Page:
The Year of Data Action Is Well Underway

3/19/2014
Just as the industry heralded every year since 2010 as the "Year of Mobile," 2012 and 2013 were both lauded as the "Year of Big Data." With Big Data at or near it’s full hype phase, executives still found themselves swimming in a sea of data that every industry pundit swore held the keys to their prosperity in this new age.  

Overwhelmed by disparate reports and unable to get a clear view across their businesses, the "Year of Big Data" proved to have as many challenges for the apparel industry as benefits.

From marketing campaign data to CRM data, site analytics to purchases and returns, apparel companies must obtain, sync-up and analyze a multitude of data points in order to lead to profitable decision making in the year ahead.  Retailers poised to succeed have already shifted their mindset to 2014 being the year they put Big Data into action.

At this point, well-run companies have spent a great deal of time looking at their data. They’ve determined a few or, in the extreme case, hundreds of KPIs and have begun the process of tying data sets together. Leading companies are already beginning to shift into transforming their Big Data into actions that impact their business decisions every day, week and month. A few key areas of evolution will spark this overarching trend of turning Big Data into action for apparel retailers.

Goodbye "Big Data," hello "algorithms of action"
The term "Big Data" is joining the ranks of "personalization" and "omnichannel" as overused industry terms. However, like having a solid plan to connect with customers whenever and wherever they choose to shop, having the organizational structure and focus on data action will set retailers up for success in the year ahead. This means developing an aptitude for connecting data via algorithms that amplify a retailer’s ability to make smarter decisions.

There are a few challenges that apparel retailers will have to overcome in order to transition to putting data into action. According to Harvard Business Review, 85 percent of organizations reported that they have Big Data initiatives underway, yet only 21 percent of respondents ranked their analytic capabilities as adequate. Add to this the fact that retail hiring continues to grow, as does the shortage of analysts and data scientists available to hire. A survey by SAP revealed that 84 percent of retailers are worried that it will be challenging to find employees with the appropriate technology and data skillsets.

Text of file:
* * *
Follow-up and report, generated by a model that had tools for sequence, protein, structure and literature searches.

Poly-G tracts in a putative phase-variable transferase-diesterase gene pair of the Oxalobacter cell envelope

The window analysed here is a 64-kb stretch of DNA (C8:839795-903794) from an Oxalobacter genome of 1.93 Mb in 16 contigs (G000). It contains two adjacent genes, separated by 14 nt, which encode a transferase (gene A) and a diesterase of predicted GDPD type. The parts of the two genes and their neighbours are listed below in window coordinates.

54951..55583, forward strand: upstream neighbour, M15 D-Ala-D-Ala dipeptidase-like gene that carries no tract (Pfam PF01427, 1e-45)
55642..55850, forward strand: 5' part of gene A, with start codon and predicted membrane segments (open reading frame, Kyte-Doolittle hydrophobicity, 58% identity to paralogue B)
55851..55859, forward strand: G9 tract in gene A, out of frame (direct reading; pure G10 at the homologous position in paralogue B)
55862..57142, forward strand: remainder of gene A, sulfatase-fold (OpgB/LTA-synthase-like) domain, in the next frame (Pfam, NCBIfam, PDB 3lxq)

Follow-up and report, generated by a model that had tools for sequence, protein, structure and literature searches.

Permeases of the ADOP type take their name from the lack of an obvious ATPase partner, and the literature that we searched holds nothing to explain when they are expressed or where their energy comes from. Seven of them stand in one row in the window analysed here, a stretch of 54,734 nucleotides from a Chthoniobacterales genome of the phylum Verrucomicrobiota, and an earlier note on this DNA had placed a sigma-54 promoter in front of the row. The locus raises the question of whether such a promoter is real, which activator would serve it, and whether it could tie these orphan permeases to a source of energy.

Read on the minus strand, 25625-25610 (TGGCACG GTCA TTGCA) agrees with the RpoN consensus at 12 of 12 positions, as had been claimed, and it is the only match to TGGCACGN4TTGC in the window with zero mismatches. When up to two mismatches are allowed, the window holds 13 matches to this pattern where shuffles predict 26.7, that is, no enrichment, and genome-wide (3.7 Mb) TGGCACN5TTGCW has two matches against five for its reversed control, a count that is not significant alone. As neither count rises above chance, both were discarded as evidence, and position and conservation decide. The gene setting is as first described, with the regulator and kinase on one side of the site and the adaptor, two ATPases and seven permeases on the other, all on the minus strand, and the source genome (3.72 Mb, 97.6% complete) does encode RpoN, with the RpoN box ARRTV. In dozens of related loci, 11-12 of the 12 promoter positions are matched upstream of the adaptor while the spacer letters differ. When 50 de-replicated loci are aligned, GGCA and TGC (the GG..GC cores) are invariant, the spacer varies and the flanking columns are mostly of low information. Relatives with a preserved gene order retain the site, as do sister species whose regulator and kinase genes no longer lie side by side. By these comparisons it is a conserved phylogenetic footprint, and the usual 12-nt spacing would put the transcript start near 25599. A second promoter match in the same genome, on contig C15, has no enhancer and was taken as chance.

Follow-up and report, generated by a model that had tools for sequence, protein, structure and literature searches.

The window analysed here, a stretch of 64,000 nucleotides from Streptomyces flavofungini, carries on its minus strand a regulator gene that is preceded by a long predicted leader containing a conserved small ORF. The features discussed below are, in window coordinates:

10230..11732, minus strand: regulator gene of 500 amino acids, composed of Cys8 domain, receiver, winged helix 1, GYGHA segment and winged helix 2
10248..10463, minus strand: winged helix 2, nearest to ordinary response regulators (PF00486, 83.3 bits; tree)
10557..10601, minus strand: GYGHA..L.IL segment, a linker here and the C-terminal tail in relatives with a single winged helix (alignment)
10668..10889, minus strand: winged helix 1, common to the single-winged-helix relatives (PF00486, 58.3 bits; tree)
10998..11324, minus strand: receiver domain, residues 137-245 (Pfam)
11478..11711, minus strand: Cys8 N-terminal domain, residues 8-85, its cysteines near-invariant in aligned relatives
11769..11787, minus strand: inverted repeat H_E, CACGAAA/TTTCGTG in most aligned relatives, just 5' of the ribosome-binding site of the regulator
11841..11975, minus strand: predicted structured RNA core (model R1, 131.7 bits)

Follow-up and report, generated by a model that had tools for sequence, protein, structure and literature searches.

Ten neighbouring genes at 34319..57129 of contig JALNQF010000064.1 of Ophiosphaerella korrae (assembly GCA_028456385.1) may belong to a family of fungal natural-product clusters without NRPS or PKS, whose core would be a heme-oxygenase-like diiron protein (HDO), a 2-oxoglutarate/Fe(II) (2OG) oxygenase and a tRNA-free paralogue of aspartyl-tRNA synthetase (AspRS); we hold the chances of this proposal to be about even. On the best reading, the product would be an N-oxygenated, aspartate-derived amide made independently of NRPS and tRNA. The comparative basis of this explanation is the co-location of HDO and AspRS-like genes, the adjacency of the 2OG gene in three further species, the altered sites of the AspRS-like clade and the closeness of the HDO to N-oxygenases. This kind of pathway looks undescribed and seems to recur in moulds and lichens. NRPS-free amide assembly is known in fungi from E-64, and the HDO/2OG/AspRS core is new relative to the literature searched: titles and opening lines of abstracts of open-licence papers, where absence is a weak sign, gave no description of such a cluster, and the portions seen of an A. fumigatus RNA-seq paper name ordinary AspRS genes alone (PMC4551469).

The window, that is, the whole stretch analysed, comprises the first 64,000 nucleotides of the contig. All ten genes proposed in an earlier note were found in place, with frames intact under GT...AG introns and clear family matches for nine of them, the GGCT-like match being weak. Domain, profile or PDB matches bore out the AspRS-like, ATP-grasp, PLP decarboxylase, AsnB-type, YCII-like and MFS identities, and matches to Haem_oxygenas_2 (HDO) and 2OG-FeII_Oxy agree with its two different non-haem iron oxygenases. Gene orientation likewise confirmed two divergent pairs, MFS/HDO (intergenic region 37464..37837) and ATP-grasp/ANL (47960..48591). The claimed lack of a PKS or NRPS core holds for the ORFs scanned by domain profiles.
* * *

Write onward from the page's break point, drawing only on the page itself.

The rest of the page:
Forward-thinking retailers will focus on hiring "super analysts," those who bring to the table overarching business understanding and a focus on cross-organizational and cross-channel decision making. They will have C-level oversight or at least sponsorship of data-driven decision making, with employees at every level focused on using data support their decisions in achieving unique and shared goals.

Apparel data in the cloud
As Big Data has become the term du jour, so, too, has the understanding of the value of cloud-based solutions to make sense of the data.

As retailers accelerate their goals around data understanding, it is increasingly making more sense for them to chip away at the complexity and costliness of hardware management and look to cloud-based solutions. As Forrester analyst James Staten recently observed, "If you're resisting the cloud because of security concerns, you're running out of excuses." The modern company understands that SaaS has become the norm for buying new applications and managing complex data sets like those of apparel retailers, and for good reason as they improve everything from productivity to team collaboration while reducing upfront costs.

CTO and CIO, meet CMO
There is a great deal of industry discussion around the need for the data-driven CMO in the years ahead. The other side of this discussion, however, is that the CMO will likely be charting the course for a retailer’s data solutions more than the CTO or CIO in the year ahead.

As marketers look to find smarter ways to reach new consumers, convert faster, personalize more specifically and create repeat purchases, they are relying more heavily on cross-organizational data to determine the day-to-day actions that need to be taken in the marketing department. From the ability to immediately ascertain that an email campaign is leading to out-of-stock products to curating the ideal complementary products to show a specific customer, marketers are relying more heavily than ever on bigger datasets across more organizational silos and will therefore join the CTO and CMO in identifying solutions that rapidly integrate Big Data so the organization can make smarter decisions faster each and every day.

With the amount of data being created and replicated in the U.S. (6.6 trillion gigabytes) projected to grow to more than the amount of data currently created in the entire world (4.2 trillion gigabytes) by 2020, Big Data growth is a trend that is here to stay. As apparel organizations become better aligned around data analysis, understanding and action, they will ensure that their data is not just Big, but a powerful action driver of profit in 2014 and beyond.


John Squire is president of eCommera North America, a provider of analytics-driven commerce software.
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